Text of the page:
High linearity RF filter tunes over 3.4 to 11.1GHz

UofPenn Olsson rf filter

“What’s special about YIG is that it propagates a magnetic spin wave,” said research engineer Troy Olsson.

The team is researching filters for 6G communication in ‘frequency range 3’ – FR3, 7 to 24GHz. “At these higher frequencies, you may not always have a dedicated block of spectrum just for commercial use,” said Olsson, who is proposing tuneable filters as an alternative to switching across a bank of fixed filters.

Architecturally the device is a magneto-static wave filter, formed as a cavity micromachined from thin-film YIG, grown on a gadolinium gallium garnet substrate. Injection and output transducers are aluminium.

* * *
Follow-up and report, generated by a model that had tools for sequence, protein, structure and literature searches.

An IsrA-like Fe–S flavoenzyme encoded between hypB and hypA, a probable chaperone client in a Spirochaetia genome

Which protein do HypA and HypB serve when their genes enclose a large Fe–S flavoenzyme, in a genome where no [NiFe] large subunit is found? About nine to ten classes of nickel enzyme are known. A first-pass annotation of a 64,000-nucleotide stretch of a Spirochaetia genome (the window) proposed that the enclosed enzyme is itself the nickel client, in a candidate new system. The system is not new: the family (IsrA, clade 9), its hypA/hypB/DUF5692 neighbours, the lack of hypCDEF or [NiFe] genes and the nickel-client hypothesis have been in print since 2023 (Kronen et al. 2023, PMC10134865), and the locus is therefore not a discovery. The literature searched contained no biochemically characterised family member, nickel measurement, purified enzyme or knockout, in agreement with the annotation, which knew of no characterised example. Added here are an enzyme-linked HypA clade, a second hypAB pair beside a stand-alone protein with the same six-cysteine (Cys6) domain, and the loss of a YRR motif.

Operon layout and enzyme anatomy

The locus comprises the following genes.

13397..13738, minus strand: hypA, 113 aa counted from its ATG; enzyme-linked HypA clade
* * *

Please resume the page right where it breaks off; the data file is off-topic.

This occupies 200 x 70µm and is controlled by an in-plane magnetic bias perpendicular to magnetostatic wave propagation along the length of the YIG.

Tuning is achieved by altering the magnetic field, which comes from a combination of fixed NdFeB magnets, and AlNiCo magnets whose remnance, which is non-volatile, is adjusted using current pulses through coils wrapped around them.

In this way, power is only needed to vary tuning and not to hold a particular tuning.

The whole proof-of-concept including magnets occupies less than 2cm3. Insertion loss is between 3.2 and 5.1dB, and the out-of-band third order input intercept is >41dBm.

Read about the filter in the Nature Communication paper ‘Frequency tunable magnetostatic wave filters with zero static power magnetic biasing circuitry‘, which is clearly-written and can be read in full without payment.

UofPenn Olsson rf filterPhoto: Black cubes are the fixed magnets and the long dark grey AlNiCo magnets have red coils around them. Magnetic flux is held within the light grey pole pieces, and the filter sits in the central gap.



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